Outsider Tritt focuses on integrity in sheriff's race


By the time David E. Tritt Jr. appeared before the Harford County deputy sheriff's union, most knew that the 32-year-old was an office supply company manager with no law enforcement experience who wanted to become the agency's top official.

Left unsaid was why he thought he had a chance to win. There were three declared candidates that night in April set to pitch their candidacy to the union, and Tritt was sandwiched between the sheriff and a top commander. They scribbled tough questions on note cards, waiting to hear how the outsider would field them.

Tritt impressed some that night with his platform of integrity and accountability, pledging to counter what he said was a lack of leadership in the agency and showing a surprising grasp of certain issues. Some deputies have since said that they admired his willingness to challenge the incumbent, whose re-election campaign was moving ahead at the time.

Since then, first-term Sheriff R. Thomas Golding has dropped out of the race, and the field of potential replacements has swelled. But Tritt, a Forest Hill resident and father of eight, remains a vocal advocate of change in the agency's culture, keeping the issues he has raised alive even if he remains a long shot.

"I certainly feel with Dave's character and his integrity that there's a place in law enforcement for him," said Joe Price, another Republican candidate who has spent 28 years with the Maryland State Police.

Though sheriffs throughout the state are elected, inexperienced candidates often have to overcome steep odds. There is no sheriff in Maryland who does not have previous law enforcement experience. In Harford, all five of Tritt's opponents in the Republican primary have extensive law enforcement backgrounds.

In most Maryland counties, including Harford, the sheriff's office is the primary police agency. The sheriff holds a partisan position decided by the voters every four years, and few in recent years have won office without a substantial resume of police work.

Allegany County voters elected such a candidate in 1990, when Gary W. Simpson won by a 2-to-1 margin with a background that included military service and work in the trucking industry. But four years later, deputies were frustrated with the way he was handling the budget and staffing issues. David A. Goad, a deputy who had lost in the Democratic primary when Simpson was elected, decided to challenge him.

"We'd say, repeatedly, `This isn't the way you do it,'" recalled Goad, who won by 1,500 votes that year and has served three terms.

Despite the Allegany example, Goad thinks candidates from outside law enforcement can be successful as sheriff. Another candidate in Harford, Democrat Terry W. Serago, lacks experience but has yet to muster much support.

"It's like running a business," Goad said. "You're involved with procurement and staffing issues. If they have the ability, aptitude, and feel for law enforcement and law-abiding people, I wouldn't sell an outsider short. But it's not typical."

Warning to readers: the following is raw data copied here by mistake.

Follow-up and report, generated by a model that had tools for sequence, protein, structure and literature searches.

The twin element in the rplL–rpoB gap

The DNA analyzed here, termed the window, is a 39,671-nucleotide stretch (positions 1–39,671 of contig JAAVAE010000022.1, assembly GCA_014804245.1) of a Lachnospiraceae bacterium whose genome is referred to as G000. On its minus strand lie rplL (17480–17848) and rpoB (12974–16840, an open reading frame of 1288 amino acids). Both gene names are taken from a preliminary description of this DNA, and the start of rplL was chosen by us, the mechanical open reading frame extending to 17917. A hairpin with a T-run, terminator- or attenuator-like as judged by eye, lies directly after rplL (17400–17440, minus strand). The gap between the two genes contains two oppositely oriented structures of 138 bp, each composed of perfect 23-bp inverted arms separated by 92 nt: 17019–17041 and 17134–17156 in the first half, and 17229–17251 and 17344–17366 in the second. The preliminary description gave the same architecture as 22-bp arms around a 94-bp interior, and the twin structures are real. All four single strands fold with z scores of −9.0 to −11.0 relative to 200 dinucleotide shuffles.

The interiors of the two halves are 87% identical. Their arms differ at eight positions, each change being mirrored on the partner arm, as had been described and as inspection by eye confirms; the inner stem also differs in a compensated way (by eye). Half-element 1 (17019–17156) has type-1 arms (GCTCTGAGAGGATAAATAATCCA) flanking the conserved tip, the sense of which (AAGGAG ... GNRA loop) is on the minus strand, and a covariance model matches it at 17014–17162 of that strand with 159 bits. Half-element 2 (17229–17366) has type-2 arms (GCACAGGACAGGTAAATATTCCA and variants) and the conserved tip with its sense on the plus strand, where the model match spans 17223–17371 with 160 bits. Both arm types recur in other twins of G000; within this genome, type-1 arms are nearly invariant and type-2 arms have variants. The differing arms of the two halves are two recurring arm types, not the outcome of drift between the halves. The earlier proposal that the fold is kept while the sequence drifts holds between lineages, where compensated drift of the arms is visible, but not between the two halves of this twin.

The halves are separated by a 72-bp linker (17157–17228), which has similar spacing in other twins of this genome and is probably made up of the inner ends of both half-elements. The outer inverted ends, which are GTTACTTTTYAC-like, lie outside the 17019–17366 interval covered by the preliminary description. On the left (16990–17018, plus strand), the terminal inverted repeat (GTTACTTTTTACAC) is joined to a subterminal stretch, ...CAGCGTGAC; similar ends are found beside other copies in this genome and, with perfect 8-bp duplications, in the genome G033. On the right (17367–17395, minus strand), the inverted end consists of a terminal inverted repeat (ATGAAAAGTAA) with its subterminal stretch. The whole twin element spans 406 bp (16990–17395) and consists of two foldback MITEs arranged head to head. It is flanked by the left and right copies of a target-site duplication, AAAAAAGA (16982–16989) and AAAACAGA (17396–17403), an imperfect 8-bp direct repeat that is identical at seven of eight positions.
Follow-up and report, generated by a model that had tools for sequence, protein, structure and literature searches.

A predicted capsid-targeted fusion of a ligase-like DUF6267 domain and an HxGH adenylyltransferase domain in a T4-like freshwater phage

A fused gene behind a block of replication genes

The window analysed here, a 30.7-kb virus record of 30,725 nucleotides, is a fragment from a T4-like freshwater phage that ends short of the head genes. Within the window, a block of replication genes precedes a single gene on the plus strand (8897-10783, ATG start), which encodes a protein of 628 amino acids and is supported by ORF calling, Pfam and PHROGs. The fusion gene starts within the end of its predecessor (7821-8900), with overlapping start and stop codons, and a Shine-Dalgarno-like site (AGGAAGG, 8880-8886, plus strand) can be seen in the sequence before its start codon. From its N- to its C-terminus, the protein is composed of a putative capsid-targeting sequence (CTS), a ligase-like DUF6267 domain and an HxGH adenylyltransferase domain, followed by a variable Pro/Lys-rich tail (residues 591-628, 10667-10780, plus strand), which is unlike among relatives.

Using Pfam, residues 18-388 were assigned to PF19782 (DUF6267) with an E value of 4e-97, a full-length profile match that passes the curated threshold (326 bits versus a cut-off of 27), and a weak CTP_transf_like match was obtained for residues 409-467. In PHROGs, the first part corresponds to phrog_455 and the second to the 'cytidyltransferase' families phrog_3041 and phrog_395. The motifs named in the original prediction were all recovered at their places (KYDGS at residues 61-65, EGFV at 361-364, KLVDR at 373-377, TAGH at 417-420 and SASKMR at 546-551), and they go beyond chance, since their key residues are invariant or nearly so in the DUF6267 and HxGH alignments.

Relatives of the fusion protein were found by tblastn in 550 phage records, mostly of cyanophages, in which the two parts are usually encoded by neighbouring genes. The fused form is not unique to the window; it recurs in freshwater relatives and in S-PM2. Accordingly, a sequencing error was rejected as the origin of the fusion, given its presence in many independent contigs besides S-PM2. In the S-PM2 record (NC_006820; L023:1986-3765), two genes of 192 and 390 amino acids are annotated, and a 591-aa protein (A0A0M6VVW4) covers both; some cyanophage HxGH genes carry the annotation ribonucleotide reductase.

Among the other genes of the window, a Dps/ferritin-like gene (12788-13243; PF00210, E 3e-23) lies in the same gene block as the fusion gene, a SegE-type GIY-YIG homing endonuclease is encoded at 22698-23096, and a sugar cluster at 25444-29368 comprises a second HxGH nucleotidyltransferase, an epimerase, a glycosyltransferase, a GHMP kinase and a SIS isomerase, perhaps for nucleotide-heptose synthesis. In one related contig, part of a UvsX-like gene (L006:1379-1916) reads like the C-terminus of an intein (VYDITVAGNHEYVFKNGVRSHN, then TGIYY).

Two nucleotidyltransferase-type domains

Before dropping out of the race, Golding had called Tritt's criticism unwarranted. Many think Tritt has also had a hand in a Web site that purports to express "insider views" of the county's GOP politics, which has championed Tritt's candidacy from its inception, even when he was largely unknown.

Though a poll circulating among Republicans shows him barely mustering 8 percent of the primary vote, an interactive poll on the site had him favored by 42 percent.

Tritt denies he is involved with the site and said his campaign work has been grass-roots. Much of his interaction with patrol deputies has been at the local convenience store, he said.

Tritt said his family go through five to six gallons of milk a week. And that means plenty of trips to the Wawa, where he said he frequently bumped into patrol deputies and started to build an understanding of the agency.

"If I see deputies, I come up and introduce myself," said Tritt. "Most of them now know my name, but I'm trying to meet them all."

Tritt's wife, Beverly, said her husband has eyed being a part of a sheriff's office since they met at age 15.

In 2004, he decided he wanted to run one. Tritt said he felt Golding mishandled discipline of a sheriff's office captain who was pulled over for drunken driving.

Recent headlines have painted an agency in turmoil, a bitter union election fought over the direction of the agency. Golding, a 30-year veteran, was appointed in 2004 after Joseph P. Meadows stepped down amid a sexual harassment lawsuit.

Golding decided to withdraw his re-election bid in the spring soon after claims surfaced of electioneering on his behalf by a member of his command staff.

The state prosecutor's office later found no evidence of criminal wrongdoing, but Tritt has been vocal about is displeasure with the agency's leadership.

"A big part of what's going on is that there's no accountability to the public," he said.

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